About the ES-335 . . . .

Ronzo

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I’ve come to believe that Epiphone is one of those “too good to last” values. Their quality keeps getting better while the prices remain reasonable. Competition, maybe?
I think so. I bought an Epiphone Antique Korina Flying V Special Run from AMS during the pandemic. Waited 10 weeks for it. It was perfect out of the box - set up just to my taste, pickups sound great, cosmetically unblemished. Big improvement over my Dot’s initial quality:
11ACF3A6-D91F-4B0F-8862-E37DE28D0519.jpeg
 

Telekarster

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I think so. I bought an Epiphone Antique Korina Flying V Special Run from AMS during the pandemic. Waited 10 weeks for it. It was perfect out of the box - set up just to my taste, pickups sound great, cosmetically unblemished. Big improvement over my Dot’s initial quality:

Love it! Man that thing looks like it's really well put together! They even got the brass V right! Perfect!
 

ChicknPickn

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I think so. I bought an Epiphone Antique Korina Flying V Special Run from AMS during the pandemic. Waited 10 weeks for it. It was perfect out of the box - set up just to my taste, pickups sound great, cosmetically unblemished. Big improvement over my Dot’s initial quality:
View attachment 917832

Dang. I’ve long fancied those natural finish V’s as well.
 

Mr Swisher

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I’ve come to believe that Epiphone is one of those “too good to last” values. Their quality keeps getting better while the prices remain reasonable. Competition, maybe?

You still take a chance, as with a lot of brands. I'd been digging an "Inspired by" 335, ordered online, and when it arrived the fingerboard was a disgrace. Multiple frets lifting, many others in need of a level. I sent it back and the shops luthier said he couldn't save it.

I do know of people who've picked up good ones, and I was gutted I lucked out.

It'll be interesting to see how the overall quailty of Epiphones and the like fairs - if demand at that price point remains high - post-pandemic hoopla.
 

brashboy

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Unfortunately for you Gibson raised the price of the 335 a fairly substantial $300 in October. I don't know much about the Epiphone versions but every time I see those pictures of cargo ships sitting in the sea I think that there probably are supply issues with those these days.
Nah, no seeming shortage of Epi guitars. Gibson can raise the price of its guitars all it wants, not gonna affect me, ever.
 

ChicknPickn

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You still take a chance, as with a lot of brands. I'd been digging an "Inspired by" 335, ordered online, and when it arrived the fingerboard was a disgrace. Multiple frets lifting, many others in need of a level. I sent it back and the shops luthier said he couldn't save it.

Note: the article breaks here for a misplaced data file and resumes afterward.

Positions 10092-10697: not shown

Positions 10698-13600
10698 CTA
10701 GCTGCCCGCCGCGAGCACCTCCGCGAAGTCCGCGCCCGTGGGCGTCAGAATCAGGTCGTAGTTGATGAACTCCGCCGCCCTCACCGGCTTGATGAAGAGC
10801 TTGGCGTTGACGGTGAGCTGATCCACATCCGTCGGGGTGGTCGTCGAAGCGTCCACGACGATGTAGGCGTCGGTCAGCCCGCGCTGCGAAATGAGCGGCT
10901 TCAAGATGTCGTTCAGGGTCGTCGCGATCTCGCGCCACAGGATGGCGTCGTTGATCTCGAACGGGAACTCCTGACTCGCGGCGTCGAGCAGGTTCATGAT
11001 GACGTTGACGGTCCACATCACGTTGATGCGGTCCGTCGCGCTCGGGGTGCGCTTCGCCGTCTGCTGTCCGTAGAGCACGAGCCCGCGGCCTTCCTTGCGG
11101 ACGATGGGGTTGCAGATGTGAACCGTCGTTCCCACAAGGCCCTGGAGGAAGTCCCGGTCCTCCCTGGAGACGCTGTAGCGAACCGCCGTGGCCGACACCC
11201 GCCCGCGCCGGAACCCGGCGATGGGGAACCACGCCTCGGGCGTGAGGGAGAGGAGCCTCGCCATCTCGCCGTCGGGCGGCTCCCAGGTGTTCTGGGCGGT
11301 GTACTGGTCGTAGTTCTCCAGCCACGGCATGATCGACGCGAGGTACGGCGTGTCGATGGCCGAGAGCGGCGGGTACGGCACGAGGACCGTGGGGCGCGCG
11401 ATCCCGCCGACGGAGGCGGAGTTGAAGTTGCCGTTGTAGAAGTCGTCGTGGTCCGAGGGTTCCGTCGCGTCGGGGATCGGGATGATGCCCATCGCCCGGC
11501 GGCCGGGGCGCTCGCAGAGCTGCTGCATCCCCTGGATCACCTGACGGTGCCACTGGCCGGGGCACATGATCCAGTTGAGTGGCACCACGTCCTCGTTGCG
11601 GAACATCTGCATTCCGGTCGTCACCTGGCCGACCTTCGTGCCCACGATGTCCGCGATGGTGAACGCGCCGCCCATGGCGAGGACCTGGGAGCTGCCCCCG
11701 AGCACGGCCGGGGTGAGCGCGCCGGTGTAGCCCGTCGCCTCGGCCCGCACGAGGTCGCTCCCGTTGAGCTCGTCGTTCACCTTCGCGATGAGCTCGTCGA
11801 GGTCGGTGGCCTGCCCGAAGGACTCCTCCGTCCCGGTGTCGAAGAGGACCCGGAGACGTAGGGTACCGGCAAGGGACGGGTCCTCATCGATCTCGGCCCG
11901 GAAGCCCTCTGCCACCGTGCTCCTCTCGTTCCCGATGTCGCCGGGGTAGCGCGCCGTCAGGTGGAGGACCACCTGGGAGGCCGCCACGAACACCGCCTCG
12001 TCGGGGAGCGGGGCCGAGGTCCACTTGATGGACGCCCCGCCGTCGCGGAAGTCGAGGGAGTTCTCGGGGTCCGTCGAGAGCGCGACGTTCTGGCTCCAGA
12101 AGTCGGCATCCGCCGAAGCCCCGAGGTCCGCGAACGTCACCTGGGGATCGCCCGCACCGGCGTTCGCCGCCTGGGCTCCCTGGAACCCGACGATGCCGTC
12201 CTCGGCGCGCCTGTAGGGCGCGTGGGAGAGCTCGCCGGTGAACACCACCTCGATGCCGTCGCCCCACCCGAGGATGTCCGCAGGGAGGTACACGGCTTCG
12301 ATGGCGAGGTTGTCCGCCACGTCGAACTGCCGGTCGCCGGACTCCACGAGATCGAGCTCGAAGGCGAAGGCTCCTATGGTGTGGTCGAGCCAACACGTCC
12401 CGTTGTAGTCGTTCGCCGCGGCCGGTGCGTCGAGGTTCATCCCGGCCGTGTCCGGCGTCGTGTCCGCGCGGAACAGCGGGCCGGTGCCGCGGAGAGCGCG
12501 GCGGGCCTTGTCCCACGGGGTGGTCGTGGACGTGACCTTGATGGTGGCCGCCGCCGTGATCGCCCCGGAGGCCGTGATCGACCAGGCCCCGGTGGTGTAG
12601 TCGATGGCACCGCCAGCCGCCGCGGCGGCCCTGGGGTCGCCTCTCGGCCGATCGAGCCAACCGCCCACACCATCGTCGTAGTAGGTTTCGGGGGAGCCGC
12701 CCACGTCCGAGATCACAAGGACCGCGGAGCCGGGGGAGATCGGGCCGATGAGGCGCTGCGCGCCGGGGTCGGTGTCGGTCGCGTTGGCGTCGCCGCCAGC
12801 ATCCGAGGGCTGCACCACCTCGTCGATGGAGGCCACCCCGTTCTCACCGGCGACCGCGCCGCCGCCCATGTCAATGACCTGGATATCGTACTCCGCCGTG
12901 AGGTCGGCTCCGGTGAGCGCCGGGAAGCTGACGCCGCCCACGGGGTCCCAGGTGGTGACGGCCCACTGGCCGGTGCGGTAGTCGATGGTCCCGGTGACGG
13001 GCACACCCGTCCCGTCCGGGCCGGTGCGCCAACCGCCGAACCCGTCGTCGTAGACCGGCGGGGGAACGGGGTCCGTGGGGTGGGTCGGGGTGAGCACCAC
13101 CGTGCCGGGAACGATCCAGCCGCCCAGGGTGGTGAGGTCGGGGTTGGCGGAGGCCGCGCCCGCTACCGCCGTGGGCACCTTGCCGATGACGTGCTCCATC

I do know of people who've picked up good ones, and I was gutted I lucked out.

It'll be interesting to see how the overall quailty of Epiphones and the like fairs - if demand at that price point remains high - post-pandemic hoopla.

The $500 to $1000 US budget range offers so much it’s silly. And creates terrible GAS.
 

thejackofhearts

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If you have a local GC available, be sure to check out some Ibanez and Epiphone equivalents. Also most GC's are now featuring the recent Lary Carlton H7 that is built by Sire.
During my last visit there I played one for about an hour (or until the 4th sales guy came over and asked if I needed something. Lol) and I was really impressed with the feel, the build and the sound played through a fender Princeton '68 reissue.
Those Larry Carlton Sire ES guitars are no joke. The build is solid and the sound is pretty good. Much, MUCH better than the Epiphone or Ibanez 335 styled guitars.
 

thejackofhearts

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If you're handy with tools and can solder, you can save yourself a TON of $$$ with a Firefly. I have had one for a few years now, and it's great. Swapped out pots, switch, jack, pickups, and tuners, and now it sounds and plays amazing.

Out of the box, it cost $138 delivered and the fit and finish of the wood parts - including fretwork - was outstanding. Replacing the electronics was a good move. I put the Seymour Duncan "Vintage Blues" set in (most expensive upgrade), and it sings and roars, etc.

So with the guitar, parts, and a Crossrock HSC, I have around $500 invested. But Fireflies come and go on Amazon, so you need to check daily. I'm guessing there's a container full of 'em sitting on a boat in Long Beach harbor. They make a 338 style (what I have) which is actually more comfortable to play and sounds just like the one with the larger Mickey Mouse ears.